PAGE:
The Oklahoma legislature recently revised 85A O.S. §65(d)(2) by removing certain language; to wit:

(D)(2) No compensation shall be payable for any contagious or infectious disease unless contracted in the course and scope of employment.

There is no longer an exception given to the required burden of proof for an employee who works in a “hospital or sanatorium in which persons suffering from that disease are cared for or treated.” The change is beneficial for employers especially when one considers 85A O.S.§§ 65(D)(3) and 65(F)(1)(a) which continue to read:

(D)(3) No compensation shall be payable for any ordinary disease of life to which the general public is exposed.

(F)(1) An employer shall not be liable for any compensation for an occupational disease unless:
(a) the disease is due to the nature of an employment in which the hazards of the disease actually exist and is actually incurred in the course and scope of his or her employment….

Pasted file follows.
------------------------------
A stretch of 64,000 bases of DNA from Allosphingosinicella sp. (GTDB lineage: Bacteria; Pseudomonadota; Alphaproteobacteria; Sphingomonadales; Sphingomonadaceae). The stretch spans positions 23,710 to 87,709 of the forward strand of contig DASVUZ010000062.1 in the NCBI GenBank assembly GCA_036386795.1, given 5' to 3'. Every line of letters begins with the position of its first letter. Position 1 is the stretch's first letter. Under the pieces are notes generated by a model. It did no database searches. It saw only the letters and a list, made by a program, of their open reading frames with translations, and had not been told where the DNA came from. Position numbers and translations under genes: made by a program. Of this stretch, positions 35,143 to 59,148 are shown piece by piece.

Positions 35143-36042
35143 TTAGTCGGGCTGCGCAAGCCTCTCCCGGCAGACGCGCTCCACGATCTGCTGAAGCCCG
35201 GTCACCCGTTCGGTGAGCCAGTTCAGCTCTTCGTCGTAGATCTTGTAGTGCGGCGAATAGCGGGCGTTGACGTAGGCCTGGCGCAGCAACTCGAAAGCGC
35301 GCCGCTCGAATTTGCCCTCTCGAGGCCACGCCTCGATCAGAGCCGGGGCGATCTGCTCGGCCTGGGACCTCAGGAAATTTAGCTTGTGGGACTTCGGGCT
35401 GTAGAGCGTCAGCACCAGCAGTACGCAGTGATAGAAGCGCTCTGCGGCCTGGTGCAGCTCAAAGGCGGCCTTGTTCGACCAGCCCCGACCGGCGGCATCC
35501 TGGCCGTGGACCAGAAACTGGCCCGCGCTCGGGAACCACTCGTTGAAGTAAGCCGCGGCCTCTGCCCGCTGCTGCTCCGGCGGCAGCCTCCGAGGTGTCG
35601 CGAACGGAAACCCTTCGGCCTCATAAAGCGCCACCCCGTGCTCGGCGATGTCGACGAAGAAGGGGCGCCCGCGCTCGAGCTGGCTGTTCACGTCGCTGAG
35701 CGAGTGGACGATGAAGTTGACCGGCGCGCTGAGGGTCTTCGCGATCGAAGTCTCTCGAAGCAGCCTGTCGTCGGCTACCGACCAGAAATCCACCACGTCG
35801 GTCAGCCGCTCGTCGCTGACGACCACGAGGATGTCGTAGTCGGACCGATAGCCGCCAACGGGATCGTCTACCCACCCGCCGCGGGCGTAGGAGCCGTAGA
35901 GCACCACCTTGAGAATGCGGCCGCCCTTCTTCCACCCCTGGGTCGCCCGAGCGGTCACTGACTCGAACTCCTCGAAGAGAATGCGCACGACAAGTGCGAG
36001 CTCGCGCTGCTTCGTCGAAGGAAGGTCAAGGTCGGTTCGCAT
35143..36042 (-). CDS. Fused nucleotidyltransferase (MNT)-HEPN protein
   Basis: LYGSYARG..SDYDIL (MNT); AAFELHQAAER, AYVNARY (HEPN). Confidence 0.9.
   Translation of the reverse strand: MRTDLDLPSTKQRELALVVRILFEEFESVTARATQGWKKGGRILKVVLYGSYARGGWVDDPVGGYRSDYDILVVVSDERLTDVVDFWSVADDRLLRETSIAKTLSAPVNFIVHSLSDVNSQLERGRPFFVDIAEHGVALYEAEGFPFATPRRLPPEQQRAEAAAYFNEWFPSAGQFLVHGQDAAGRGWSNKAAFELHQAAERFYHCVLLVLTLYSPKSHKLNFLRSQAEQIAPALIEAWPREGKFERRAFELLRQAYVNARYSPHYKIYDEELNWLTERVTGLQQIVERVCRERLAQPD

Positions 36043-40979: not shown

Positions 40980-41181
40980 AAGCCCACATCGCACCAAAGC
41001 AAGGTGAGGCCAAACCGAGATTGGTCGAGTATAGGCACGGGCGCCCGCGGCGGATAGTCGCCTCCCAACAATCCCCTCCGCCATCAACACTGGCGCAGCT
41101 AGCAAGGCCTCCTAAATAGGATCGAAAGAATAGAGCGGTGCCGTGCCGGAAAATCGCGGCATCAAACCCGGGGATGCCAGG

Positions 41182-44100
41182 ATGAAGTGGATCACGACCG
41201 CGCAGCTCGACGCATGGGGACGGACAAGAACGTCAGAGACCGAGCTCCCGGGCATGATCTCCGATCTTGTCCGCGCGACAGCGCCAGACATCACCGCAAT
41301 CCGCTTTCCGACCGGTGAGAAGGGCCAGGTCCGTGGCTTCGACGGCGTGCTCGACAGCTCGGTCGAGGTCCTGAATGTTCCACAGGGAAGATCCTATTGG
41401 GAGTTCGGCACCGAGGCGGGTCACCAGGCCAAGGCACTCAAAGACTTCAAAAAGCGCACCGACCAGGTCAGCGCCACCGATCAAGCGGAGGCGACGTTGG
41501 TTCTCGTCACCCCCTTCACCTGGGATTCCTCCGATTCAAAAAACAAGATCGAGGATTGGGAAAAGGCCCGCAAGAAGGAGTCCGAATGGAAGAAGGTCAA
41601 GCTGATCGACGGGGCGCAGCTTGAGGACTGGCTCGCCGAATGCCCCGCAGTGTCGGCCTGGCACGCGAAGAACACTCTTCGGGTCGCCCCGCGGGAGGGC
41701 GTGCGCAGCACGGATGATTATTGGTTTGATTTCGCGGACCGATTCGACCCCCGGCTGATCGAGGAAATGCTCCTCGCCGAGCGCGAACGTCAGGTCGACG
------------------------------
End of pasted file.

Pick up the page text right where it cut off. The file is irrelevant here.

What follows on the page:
A pandemic is the very definition of a “disease to which the general public is exposed.”

If the employee works for a medical provider in a facility where Coronavirus is being treated, compensability may be problematic. While we are unable to locate any case law in Oklahoma regarding the compensability of, for instance, flu as an equivalent, other states have consistently ruled the exposure is a “humankind exposure” rather than one peculiar to most employment and therefore NOT compensable.

Please continue to take precautions.

Donald A. Bullard

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